The New Japan


by David Matsumoto

David Matsuomoto is a professor and active Judo participant, and in this book he attempts to summarize and popularize the social science research documenting the cultural upheaval underway in Japan.

At the risk of sidetracking the review, what his book does is make concrete in the social science realm the truths that have been evident in Japanese popular media. A prime example is Gainax's 1995 series Shinseki Evangelion ("Neon Genesis Evangelion"). Shinji, the protagonist, is a will-less source of non-action. He seems listless and troubled throughout the series. Disaster confronts him, his friends, and his country continually, and he has the power to change it. But he does not -- until events leave him no choice. Then (through a complex plot device and a corresponding complex biomechanical device) he lashes out, resolving the immediate crisis but leaving the longer-term crisis unresolved.

Shinji's unwillingness to act earlier -- when his actions could have more and more beneficial effect -- continues throughout the series. When seen from the perspective of America, this painful "hero" makes the series narratively difficult, although other aspects of the series remain strong (see Appendix below). But the true significance of the series didn't hit me until my trip to Japan in 2000 (I first saw the series here in America in 1998). The Tokyo subway was full of Shinji and his female counterparts. These kids were dead to the world -- they sat on the subway, listening to their miniDisc players repeating over and over as Shinji's does in the series. When you sat down next to them, there was no reaction. This was different than the classic Japanese reaction (which would be to pretend they had no reaction). This was truly no reaction, as though they were dead; no eye track, no subtle shifting away.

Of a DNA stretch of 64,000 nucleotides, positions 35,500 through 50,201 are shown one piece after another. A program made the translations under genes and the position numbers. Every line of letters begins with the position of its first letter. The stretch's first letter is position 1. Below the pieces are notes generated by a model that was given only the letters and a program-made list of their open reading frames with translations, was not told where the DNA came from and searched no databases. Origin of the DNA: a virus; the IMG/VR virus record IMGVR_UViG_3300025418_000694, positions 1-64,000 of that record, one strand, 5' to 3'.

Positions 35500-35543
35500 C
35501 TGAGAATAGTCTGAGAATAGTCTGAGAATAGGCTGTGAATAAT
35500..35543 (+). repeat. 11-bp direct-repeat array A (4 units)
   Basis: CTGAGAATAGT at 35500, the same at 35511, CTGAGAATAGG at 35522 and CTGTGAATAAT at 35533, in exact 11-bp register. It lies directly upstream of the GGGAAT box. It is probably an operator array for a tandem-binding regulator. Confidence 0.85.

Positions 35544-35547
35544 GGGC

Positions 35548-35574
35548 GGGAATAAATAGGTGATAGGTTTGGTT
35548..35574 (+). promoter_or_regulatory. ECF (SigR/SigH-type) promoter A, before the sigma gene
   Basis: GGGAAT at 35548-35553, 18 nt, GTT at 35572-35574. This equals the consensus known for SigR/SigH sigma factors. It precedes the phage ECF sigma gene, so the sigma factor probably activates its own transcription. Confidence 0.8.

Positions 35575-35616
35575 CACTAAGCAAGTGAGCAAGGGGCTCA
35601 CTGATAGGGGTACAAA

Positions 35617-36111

The peak of this behavior were the Japanese youth who would get in the subway car, go to the end, and sit on the floor. Even in America, sitting on the floor in a train wouldn't be common behavior; in Japan's traditional cleanliness culture, it's an act of ultimate rebellion. It was then I realized that the postwar Japan -- the country of the economic miracle, the salaryman, and the corporate song -- was ending.

The youth of Japan, as Matsuomoto documents in unending surveys and charts in this book, and as Shinseiki Evangelion foreshadows, have rejected the choices their parents made to rescue Japan from economic disaster following World War II (to understand those parent's choices and the nature of postwar Japan, read John Dower's magnificent book, "Embracing Defeat"). The youth look at both their absentee, work-focused, hard-drinking fathers and their homebound, education-obsessed mothers, and reject both as a role model for either gender. Throw in a popped bubble economy leading to a ten-year economic decline, the end of lifetime employment, and a negative population growth rate in a country with a xenophobic abhorrence for immigration, and the makings of a cultural revolution are in place.